The museum docent was rambling. Sadie looked at her phone a couple of times, hoping the woman might get the hint and stick to the script. Only five "dignitaries" had showed up for the tour. They trailed the docent in a tight herd.
A photographer showed up with a mousey looking woman who introduced herself as Cat. She asked a lot of unmousey questions and Sadie had to say, "I'll get back to you on that," about a dozen times.
The very first road up and down the valley was probably a narrow foot trail that passed right by this place.
"What are those?" mousy interrupted, pointing at the straight row of wooden survey markers with neon tape fluttering loudly.
The docent ignored her. She hadn't gotten to that part of the narrative so she sped up, talking faster and a little higher, like she'd just been rewound tighter.
Another guest leaned in and answered quietly. "An easement. I remember reading that."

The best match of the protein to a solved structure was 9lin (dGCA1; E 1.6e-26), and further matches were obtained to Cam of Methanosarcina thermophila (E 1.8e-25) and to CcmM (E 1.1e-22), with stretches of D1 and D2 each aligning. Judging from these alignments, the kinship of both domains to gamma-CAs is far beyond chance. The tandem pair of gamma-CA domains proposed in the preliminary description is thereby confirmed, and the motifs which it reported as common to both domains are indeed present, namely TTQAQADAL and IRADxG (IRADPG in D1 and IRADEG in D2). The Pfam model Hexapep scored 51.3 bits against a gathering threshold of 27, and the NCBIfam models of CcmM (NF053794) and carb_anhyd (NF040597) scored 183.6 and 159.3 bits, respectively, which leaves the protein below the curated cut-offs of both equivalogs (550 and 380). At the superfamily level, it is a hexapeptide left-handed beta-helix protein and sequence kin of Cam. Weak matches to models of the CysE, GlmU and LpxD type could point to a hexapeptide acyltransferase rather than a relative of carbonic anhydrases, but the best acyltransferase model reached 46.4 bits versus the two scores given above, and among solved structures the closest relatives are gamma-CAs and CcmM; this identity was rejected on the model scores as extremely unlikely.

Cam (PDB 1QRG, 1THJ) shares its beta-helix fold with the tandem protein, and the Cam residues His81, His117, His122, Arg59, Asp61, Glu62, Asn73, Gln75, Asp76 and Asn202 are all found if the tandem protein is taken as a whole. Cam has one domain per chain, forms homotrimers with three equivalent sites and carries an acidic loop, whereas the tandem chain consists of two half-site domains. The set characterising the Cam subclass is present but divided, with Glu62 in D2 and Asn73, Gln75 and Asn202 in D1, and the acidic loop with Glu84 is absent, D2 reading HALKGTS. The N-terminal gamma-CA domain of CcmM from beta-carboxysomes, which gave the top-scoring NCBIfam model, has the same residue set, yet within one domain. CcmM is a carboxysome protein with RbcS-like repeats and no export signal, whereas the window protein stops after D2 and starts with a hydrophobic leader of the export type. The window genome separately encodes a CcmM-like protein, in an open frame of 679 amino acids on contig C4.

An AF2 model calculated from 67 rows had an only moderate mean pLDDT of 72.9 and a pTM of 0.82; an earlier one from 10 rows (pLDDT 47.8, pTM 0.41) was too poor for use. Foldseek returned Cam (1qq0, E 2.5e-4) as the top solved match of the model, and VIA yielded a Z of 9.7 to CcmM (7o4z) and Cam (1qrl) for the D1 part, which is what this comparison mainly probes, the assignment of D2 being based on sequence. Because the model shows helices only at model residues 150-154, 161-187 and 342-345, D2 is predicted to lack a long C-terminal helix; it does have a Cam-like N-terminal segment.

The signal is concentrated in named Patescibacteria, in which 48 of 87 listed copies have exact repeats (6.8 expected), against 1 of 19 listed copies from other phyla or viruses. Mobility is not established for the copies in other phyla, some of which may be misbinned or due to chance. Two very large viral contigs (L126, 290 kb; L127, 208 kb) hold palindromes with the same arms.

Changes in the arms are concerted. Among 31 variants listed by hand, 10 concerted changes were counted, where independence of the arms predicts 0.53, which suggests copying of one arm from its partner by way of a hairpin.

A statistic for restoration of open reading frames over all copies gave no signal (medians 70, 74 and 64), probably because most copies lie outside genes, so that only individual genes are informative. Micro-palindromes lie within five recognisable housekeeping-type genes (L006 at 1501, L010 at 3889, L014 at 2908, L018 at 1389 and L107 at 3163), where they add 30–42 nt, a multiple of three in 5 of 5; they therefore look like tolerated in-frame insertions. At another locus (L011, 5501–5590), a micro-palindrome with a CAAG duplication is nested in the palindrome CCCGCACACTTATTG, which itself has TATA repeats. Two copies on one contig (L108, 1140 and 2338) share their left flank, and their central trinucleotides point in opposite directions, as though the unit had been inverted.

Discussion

"Easement." Mouse repeated it slowly, stretching out the 'eeee's. She heard the photographer add, "Easy peasy."
Perea Hacienda was built after the reconquest on the site of an earlier Spanish "estancia." Later it served as a stage stop and hotel. When the railroad arrived, these embellishments were added to the porch.
Sadie stepped around the corner of the hacienda to smoke but three steps later she was in gluey mud and knee high weeds and two of the dignitaries were right behind her. She offered them a cigarette.
The hacienda was located at one of the few natural breaks in the escarpment along which an ancient roadway ascended the mesa. This will be the same alignment of a new road, providing access to jobs and housing for modern New Mexicans as the old alignment provided access to the mesa.
Mousey made a noise that sounded like a one of those grackle birds.